Discovering the Discworld
I recently started to collect the Gollancz collector’s library hardbacks, but I would also like to make sure I am reading what I purchase so I am setting up Terry Pratchett Project.
Instead of reading in chronological publication order I have decided to follow the various subseries. This means I will jump around the in chronology a little bit. I am basing my reading around this graphic which breaks down all the different series but also gives all their connections etc.
Read June 2020
Sometimes you just need some of Prachett’s humor, there always seems to be an appropriate book for the occasion. Guards! Guards! was a great introduction to the ineptitude of the Night Watch of Ankh-Morpork, as well as dragons and magic, various secret societies. We really get a full sense of the bustling metropolis that is Ankh-Morpork and its people.
We also get a healthy does of Pratchett’s politics. I read this at the beginning of June 2020 and it was the perfect way to vent frustrations over police behaviour, lack of training and hiring process and the government distribution of funds. All of which are central themes of this book. Pratchett’s form of satire just frames these perfectly. The plot also manages to poke a lot of fun at your typical Fantasy tropes particularly those around the chosen-one, which again the mix of sharp wit and subtle shade littered throughout the text is just a joy to read…Continue Reading
Men At Arms
Read January 2021
This might have just became my favourite of the Discworld books, knocking Hogfather off the top spot. I have recently set about properly reading the Discworld. I have dabbled, dipped a toe in and out but haven’t committed to following them through but as I have recently started to collect the Gollancz Collectors library editions I thought I should make a more concerted effort.
Oh this book had me laughing from start to finish. From fantastically witty and, sadly still relevant, social commentary/satire to some of the best puns I was constantly pausing to re-read and giggle some more, read passages out loud to Euan (husband) so he would laugh with me, and I think half the book is tabbed and highlighted…. Continue Reading
Feet of Clay
Read May 2021
While not my favourite out of the Watch books so far, this book was still excellent. Pratchett has a great way to presenting social and philosophical issues, all of which are still as relevant today as they were when the books were written, in a humorous, entertaining way. Very much like the motto for the Ignoble Prize, First he makes you laugh, then he makes you think.
This book felt a lot more established. We know most of the characters fairly well, their personalities and foibles on full display. So those characters really get to stick there teeth into a classic who-done-it kind of plot which was really fun. We also got a lot better glimpse into various areas of the city, throughout their investigations. Visiting life at all levels of the class spectrum and how they survive in the city. We get everything from the political machinations of the ruling bodies, the manoeuvrings of the various merchants, wheeler dealers and the those just looking to survive. All is described so vividly but still with Prachett’s immaculate word play, and the occasional bad pun! … Continue Reading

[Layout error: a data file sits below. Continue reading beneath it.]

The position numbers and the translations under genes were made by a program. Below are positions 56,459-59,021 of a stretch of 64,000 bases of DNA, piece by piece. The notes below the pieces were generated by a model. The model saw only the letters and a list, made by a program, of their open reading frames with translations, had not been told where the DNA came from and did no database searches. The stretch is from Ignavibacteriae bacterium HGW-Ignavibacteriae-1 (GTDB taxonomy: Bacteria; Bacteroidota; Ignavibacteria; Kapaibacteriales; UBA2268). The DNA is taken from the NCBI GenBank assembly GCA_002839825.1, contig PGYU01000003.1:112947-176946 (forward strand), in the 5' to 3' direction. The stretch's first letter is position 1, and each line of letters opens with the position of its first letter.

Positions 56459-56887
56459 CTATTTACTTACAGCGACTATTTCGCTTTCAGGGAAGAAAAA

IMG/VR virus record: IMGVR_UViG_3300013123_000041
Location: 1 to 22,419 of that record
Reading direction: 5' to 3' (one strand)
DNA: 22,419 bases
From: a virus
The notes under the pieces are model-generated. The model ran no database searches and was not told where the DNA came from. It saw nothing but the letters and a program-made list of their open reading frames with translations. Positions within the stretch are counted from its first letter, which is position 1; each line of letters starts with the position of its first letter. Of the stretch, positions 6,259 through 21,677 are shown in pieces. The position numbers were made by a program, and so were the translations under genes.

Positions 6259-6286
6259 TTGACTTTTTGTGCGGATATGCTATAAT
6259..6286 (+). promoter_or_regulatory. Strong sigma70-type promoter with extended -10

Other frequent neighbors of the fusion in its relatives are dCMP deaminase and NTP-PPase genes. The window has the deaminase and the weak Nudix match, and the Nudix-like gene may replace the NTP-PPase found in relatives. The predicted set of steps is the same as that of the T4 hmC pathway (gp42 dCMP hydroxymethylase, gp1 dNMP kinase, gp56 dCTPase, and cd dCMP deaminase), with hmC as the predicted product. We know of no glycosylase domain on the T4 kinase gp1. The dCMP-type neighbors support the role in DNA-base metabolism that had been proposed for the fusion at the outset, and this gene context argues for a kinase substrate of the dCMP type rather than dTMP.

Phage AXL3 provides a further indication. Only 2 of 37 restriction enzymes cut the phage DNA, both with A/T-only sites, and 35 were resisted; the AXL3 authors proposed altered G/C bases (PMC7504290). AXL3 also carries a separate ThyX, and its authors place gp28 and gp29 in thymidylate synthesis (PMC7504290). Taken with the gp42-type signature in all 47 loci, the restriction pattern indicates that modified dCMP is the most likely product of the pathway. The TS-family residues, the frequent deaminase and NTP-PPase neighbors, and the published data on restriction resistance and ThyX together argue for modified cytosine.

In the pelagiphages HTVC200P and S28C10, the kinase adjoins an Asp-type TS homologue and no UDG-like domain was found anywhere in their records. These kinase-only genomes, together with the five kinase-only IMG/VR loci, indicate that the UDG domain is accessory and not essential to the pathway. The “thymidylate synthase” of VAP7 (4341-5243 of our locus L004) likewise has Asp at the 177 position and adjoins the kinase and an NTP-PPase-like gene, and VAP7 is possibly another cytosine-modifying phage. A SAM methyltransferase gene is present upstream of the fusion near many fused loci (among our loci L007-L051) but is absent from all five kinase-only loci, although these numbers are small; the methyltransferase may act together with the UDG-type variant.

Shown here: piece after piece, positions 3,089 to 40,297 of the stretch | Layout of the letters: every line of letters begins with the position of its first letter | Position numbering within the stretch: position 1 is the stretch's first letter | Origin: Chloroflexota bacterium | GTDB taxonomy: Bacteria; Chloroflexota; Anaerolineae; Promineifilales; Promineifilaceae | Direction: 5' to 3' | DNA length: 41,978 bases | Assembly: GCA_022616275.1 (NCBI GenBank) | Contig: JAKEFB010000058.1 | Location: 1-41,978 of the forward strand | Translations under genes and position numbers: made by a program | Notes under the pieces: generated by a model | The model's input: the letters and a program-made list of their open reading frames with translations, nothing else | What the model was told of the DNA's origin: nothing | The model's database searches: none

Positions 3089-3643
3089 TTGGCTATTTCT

The Fifth Elephant
Read July 2020
I will always enjoy Prachett’s dry and witty sense of humour. He has this fantastic weird and wild style to his writing filled with world play and innuendo and such great observations of human behaviour all set in a fantastic fantasy land. Granny Weatherwax was an awesome character, she is just one of those formidable old ladies that have so much punch to their character. She is both stuck in her ways and believes them to be best but she also won’t stand for any sexist nonsense…. Continue Reading
Read January 2021
This is Pratchett’s retelling of Macbeth combined with corruption of Fairytales of evil witches and lost princes. I really enjoyed it. I Loved the different styles that each of the three witches had, from the simplified natural magic, the matriarch who mainly just has the magic of keeping everyone going, and the overly ritualised filled with symbols and specifics of modern witchcraft. They all intermingle so well and make for some amazing descriptions of scenes that allow Pratchett to play with words in the effortless way that he does… Continue Reading
Lords and Ladies
Read August 2021
I am a huge fan of Pratchett’s character Death. I love how much he loves life. I adored the fact that for a good portion of this book he is having an existential crisis, in a journey to find a different occupation, to find out what happiness is, experiencing life, from getting drunk to being a fry cook surrounded by kittens. These parts are a delight, the are rather life affirming in their own way.
Before death can take a holiday he needs to find a replacement, and that brings us to Mort. Mort is a fantastic character, juggling teenage angst with the responsibility and pressure of his first job…Continue Reading
Read Every December on the run up to Christmas!
can’t let the Festive season pass without settling down to re-read Hogfather by Terry Pratchett. It perfectly sums up the feelings of the Christmas season for me and I really love how Pratchett captures it all from the commercialism, the odd personal traditions and the food to the traditional meaning of the mid winter solstice. It really explores the nature of belief, with all the thought provoking good humour that you expect from Pratchett. He has a way of making you ponder the unexplainable aspects of the world, the deep and dark topics in a light and jovial manner…Continue Reading
Thief of Time
The Wee Free Men
A Hat Full of Sky
I Shall Wear Midnight
The Shepherd’s Crown
The Colour of Magic – read but not reviewed
The Light Fantastic – read but not reviewed
The Last Continent
Going Postal – read but not reviewed